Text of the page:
Midnight and the Meaning of Love

by Sister Souljah

I struggled with this book. Not in the way that it is written, that’s fine. But in my reactions to the title character. In Midnight, I instantly fell in love with him. His strength, intelligence and strong loyalty to family were refreshing. There are not many Black male characters, especially one so young, represented in literature today that have such a sense of right and wrong. If you’ve read my post about that book, you know what problems I had with it.

Those problems seemed to have followed me to this sequel. Midnight has finally started to build a life with his new bride, Akemi, when her disappearance pulls everything out from under him. Now he has to deal with his need to protect all of the women in his life, his mother and sister, in the States with him and his wife, who is now thousands of miles away in Japan. After making sure that his mother and sister are safe, he heads off to Japan to rescue his wife.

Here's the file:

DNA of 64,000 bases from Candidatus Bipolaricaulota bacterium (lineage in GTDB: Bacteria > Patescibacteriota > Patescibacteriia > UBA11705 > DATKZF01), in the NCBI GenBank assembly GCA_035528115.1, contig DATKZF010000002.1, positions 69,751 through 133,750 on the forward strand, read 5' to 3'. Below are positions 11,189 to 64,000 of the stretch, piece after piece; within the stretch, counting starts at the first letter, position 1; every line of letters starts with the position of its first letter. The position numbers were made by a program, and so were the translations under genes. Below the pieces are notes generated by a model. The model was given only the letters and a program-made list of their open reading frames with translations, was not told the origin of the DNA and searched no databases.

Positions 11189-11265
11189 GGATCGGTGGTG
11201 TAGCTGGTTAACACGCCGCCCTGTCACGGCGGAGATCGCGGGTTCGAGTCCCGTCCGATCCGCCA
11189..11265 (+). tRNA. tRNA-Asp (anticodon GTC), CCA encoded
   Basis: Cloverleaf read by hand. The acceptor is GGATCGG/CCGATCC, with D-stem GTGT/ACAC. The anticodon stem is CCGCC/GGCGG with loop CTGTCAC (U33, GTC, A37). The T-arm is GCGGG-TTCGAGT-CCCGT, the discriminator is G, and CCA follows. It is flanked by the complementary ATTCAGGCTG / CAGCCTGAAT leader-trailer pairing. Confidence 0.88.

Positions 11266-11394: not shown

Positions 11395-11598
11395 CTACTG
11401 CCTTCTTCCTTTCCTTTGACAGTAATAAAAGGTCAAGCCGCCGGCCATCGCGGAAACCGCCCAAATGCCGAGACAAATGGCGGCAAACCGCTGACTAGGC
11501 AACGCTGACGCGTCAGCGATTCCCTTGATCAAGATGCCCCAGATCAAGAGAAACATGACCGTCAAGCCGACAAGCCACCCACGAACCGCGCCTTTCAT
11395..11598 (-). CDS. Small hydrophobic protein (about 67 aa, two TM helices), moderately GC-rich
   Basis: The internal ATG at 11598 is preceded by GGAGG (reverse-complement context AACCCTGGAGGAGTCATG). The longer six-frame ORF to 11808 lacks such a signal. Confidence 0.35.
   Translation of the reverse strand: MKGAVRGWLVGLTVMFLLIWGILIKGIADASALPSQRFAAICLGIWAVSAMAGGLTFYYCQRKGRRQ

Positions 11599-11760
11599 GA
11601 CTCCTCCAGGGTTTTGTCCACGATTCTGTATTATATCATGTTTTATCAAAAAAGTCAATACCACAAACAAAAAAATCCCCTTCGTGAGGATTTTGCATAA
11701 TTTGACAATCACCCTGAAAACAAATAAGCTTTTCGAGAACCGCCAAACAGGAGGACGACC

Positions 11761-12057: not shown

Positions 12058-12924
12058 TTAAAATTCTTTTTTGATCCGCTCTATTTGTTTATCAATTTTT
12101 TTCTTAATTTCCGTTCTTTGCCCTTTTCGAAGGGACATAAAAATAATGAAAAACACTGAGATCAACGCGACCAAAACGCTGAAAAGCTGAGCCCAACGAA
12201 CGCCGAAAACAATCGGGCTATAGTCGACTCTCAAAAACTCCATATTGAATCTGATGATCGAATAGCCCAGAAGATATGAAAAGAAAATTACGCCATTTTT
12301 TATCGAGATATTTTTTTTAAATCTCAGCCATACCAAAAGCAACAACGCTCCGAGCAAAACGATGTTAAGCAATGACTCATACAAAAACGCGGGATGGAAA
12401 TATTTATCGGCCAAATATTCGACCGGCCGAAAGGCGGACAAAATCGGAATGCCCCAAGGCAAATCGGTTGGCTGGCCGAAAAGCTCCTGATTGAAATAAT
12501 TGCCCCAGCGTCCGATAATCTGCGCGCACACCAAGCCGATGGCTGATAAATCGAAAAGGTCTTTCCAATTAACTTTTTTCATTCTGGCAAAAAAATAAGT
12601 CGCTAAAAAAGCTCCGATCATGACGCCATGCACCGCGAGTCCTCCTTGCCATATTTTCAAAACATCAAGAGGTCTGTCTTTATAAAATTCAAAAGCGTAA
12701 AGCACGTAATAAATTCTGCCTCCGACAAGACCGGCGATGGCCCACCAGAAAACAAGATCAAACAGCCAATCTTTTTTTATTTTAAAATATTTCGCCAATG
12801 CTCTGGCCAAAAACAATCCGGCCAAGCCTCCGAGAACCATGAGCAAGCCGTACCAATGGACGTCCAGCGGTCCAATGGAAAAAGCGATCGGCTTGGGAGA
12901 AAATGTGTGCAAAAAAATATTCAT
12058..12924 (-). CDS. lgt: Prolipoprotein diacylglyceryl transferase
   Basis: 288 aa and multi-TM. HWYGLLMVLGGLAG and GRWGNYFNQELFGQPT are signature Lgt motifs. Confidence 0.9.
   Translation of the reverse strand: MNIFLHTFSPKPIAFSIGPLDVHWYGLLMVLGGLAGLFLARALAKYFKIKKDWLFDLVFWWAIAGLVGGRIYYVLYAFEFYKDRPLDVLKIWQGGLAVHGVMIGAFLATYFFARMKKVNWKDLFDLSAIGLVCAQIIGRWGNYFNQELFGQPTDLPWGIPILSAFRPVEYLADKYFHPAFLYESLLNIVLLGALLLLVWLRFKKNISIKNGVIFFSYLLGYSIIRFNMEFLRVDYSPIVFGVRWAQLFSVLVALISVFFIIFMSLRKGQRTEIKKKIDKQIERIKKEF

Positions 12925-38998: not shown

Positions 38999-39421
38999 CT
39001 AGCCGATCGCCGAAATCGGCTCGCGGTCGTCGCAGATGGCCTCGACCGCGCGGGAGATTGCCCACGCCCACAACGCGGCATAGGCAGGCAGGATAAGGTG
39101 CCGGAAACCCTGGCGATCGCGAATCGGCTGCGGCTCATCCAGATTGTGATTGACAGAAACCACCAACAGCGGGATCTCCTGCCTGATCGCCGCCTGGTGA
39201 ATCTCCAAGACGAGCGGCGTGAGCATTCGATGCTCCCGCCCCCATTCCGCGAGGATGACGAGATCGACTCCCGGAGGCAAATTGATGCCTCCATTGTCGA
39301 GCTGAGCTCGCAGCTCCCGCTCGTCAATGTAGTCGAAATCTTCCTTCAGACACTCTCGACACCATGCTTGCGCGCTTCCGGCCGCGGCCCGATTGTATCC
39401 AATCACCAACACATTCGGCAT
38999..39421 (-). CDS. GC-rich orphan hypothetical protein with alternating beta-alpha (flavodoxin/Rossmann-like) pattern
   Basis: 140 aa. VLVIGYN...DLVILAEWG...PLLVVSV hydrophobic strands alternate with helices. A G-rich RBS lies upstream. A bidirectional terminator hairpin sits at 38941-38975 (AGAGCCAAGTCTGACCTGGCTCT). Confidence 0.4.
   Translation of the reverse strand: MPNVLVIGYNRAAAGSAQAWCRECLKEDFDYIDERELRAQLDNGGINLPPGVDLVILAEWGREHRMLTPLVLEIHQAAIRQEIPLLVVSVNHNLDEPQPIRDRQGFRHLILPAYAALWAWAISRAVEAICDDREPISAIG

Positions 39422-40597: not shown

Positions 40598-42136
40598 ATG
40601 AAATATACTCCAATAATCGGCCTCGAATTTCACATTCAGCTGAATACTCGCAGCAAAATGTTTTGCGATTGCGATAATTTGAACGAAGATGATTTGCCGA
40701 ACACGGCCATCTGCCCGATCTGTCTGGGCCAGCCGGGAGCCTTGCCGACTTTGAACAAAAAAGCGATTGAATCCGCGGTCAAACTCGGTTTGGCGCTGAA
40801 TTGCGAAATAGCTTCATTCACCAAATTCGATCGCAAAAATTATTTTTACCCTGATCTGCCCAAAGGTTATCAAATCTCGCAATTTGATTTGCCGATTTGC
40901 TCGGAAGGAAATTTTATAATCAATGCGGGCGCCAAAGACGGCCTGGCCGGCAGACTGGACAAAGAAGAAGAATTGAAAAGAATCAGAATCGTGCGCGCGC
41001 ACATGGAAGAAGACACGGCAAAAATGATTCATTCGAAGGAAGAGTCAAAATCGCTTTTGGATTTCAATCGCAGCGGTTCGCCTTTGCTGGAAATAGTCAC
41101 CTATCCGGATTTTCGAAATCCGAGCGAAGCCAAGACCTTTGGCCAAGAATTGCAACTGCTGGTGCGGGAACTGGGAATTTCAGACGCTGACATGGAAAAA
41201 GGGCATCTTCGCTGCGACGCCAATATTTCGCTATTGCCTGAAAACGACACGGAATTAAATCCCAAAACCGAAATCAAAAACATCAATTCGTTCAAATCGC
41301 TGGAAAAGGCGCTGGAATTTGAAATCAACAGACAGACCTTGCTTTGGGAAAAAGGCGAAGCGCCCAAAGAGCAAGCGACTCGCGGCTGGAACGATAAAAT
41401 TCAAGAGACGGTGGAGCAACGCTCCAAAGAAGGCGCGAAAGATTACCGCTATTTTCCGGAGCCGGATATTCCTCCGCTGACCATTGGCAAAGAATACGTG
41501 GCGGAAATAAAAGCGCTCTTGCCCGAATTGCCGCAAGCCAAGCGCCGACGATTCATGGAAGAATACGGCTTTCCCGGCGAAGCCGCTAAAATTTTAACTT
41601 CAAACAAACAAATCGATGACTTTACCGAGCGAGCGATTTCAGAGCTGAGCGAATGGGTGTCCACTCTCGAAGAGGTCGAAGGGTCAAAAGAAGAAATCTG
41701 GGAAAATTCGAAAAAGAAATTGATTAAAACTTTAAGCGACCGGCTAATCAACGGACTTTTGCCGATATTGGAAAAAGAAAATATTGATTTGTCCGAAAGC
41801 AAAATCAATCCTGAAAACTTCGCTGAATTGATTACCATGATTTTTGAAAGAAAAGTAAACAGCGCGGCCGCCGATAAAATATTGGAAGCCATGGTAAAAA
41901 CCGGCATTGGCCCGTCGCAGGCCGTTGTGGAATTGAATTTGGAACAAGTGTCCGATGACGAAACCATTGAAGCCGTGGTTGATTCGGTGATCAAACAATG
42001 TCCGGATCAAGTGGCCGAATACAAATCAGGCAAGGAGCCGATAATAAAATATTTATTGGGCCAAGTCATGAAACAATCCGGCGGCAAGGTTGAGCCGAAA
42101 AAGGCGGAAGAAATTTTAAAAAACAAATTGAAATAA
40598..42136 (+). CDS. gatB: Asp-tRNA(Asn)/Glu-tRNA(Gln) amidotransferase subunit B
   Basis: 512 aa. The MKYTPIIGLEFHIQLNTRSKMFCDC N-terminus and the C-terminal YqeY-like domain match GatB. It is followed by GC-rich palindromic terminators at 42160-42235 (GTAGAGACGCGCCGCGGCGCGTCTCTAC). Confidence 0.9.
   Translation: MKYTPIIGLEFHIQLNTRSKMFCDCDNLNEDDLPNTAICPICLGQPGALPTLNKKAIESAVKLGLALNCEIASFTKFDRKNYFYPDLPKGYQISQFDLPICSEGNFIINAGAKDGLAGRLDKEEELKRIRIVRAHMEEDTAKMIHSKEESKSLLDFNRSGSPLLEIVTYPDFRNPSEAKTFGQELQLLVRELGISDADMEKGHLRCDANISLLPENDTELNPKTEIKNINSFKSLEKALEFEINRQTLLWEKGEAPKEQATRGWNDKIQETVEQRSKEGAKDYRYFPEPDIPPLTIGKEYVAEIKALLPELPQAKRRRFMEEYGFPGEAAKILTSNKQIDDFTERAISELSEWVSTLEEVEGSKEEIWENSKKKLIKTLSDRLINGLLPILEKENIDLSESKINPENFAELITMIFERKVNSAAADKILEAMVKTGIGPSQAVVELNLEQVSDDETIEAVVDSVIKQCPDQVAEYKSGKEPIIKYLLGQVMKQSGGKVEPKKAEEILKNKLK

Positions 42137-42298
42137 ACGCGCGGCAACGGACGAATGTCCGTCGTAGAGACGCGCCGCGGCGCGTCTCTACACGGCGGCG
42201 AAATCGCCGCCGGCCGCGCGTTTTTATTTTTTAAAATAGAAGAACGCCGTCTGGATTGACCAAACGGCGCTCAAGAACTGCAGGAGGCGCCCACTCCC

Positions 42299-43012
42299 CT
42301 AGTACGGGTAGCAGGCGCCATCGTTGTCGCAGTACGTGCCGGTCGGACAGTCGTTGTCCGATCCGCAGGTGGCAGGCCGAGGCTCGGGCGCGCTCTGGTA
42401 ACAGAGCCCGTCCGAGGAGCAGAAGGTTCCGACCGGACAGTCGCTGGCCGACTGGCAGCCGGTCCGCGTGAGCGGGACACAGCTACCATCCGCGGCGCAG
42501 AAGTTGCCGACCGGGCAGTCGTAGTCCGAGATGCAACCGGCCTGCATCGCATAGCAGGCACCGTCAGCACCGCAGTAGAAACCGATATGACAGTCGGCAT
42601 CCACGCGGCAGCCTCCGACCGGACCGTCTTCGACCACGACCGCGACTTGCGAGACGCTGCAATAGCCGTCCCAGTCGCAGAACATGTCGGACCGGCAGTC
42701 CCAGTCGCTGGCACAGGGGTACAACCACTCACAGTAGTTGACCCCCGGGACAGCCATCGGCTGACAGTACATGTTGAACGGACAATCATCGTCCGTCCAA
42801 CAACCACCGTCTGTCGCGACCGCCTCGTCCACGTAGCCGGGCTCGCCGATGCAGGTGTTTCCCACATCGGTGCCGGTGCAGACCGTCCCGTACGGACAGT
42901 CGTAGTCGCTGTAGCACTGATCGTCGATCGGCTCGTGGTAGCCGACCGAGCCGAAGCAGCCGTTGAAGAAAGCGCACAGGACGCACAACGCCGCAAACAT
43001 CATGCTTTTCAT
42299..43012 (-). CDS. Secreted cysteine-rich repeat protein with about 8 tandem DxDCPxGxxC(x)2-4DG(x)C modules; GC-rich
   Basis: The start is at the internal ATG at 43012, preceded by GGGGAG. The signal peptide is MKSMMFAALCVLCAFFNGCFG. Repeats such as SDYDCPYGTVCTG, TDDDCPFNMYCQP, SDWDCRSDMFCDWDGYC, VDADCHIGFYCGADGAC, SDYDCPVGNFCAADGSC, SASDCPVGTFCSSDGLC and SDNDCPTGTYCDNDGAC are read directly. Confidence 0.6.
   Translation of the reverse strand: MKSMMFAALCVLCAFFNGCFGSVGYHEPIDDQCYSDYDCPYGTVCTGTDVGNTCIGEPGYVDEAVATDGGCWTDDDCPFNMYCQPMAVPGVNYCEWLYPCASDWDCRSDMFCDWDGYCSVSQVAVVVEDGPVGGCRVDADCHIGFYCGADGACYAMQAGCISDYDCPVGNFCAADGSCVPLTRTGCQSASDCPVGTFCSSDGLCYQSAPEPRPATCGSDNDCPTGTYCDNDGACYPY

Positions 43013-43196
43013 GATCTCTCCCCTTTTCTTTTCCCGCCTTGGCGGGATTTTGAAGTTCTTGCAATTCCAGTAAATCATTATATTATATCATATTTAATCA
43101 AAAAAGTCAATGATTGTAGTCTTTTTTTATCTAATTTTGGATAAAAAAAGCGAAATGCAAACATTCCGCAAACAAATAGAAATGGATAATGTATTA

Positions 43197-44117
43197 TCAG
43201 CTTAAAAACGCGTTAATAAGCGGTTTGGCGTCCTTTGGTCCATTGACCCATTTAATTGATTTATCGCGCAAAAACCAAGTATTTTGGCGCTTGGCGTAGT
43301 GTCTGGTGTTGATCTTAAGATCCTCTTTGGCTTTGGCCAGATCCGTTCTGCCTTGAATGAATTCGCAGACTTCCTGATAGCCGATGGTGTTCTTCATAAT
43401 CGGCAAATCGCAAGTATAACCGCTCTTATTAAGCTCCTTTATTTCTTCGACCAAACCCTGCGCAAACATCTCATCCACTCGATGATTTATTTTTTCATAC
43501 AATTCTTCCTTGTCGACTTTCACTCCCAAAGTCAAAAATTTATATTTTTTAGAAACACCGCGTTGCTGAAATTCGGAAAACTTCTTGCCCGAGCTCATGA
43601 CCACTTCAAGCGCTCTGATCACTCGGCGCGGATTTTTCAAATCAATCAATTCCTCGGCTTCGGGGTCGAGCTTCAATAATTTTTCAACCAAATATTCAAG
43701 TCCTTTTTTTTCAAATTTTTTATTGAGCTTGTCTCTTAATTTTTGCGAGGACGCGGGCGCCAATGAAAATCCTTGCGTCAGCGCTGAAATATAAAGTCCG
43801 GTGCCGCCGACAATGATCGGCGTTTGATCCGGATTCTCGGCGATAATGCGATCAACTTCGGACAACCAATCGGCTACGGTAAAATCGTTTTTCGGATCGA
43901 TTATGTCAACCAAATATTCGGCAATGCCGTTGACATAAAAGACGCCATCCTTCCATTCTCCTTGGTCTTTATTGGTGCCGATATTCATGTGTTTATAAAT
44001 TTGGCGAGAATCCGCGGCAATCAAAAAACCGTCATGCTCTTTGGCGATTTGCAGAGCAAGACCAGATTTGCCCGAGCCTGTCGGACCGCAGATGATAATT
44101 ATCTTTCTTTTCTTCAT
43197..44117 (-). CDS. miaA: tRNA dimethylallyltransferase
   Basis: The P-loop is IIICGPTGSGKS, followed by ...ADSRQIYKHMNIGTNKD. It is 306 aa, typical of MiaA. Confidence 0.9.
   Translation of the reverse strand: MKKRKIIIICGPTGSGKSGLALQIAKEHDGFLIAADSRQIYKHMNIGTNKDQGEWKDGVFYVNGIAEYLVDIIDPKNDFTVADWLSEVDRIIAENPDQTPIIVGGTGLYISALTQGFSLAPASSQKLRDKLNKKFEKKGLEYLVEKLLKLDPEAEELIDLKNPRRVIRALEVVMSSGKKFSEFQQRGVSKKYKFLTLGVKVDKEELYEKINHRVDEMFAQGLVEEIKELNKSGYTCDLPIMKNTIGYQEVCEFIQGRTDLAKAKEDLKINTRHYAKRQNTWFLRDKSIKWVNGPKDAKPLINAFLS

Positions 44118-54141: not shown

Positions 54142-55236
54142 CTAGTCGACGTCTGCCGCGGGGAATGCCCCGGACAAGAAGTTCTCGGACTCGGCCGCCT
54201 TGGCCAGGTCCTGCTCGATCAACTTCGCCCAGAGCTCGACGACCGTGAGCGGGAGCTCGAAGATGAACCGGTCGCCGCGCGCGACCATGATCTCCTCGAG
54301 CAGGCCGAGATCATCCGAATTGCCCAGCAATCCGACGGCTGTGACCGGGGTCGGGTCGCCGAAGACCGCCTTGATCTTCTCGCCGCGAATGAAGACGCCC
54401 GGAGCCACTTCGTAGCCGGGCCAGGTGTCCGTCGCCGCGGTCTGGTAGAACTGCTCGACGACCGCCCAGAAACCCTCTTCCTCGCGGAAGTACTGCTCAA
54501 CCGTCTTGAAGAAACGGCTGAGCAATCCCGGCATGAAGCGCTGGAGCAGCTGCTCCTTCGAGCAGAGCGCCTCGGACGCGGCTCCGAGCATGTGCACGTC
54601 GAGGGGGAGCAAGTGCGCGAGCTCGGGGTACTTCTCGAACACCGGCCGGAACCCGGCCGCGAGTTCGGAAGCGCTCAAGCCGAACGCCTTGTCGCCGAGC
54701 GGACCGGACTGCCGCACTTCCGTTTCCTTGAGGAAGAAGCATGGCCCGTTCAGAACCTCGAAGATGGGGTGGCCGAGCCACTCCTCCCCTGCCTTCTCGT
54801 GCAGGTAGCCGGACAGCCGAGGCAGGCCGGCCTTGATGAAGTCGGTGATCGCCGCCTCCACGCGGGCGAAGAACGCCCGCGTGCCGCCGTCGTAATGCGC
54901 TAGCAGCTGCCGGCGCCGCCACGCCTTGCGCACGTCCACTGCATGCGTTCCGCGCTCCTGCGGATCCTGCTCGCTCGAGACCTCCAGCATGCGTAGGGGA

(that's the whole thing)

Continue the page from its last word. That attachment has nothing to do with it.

This is a well written, engaging book that fans of the series will definitely enjoy. However, I am still annoyed by the portrayal of African-American women and the ease with which Midnight, a teenager, is able to maneuver, MacGyver-like through foreign countries. A lot of the scenarios were just not plausible to me.

One thought on “Midnight and the Meaning of Love

  1. I haven't read the book yet, but I know it won't fail my expectations. Sister Souljah writes from the heart and gives us perspectives that we don't always recognize. I have read all of her books thus far and each one has left an impression on me.

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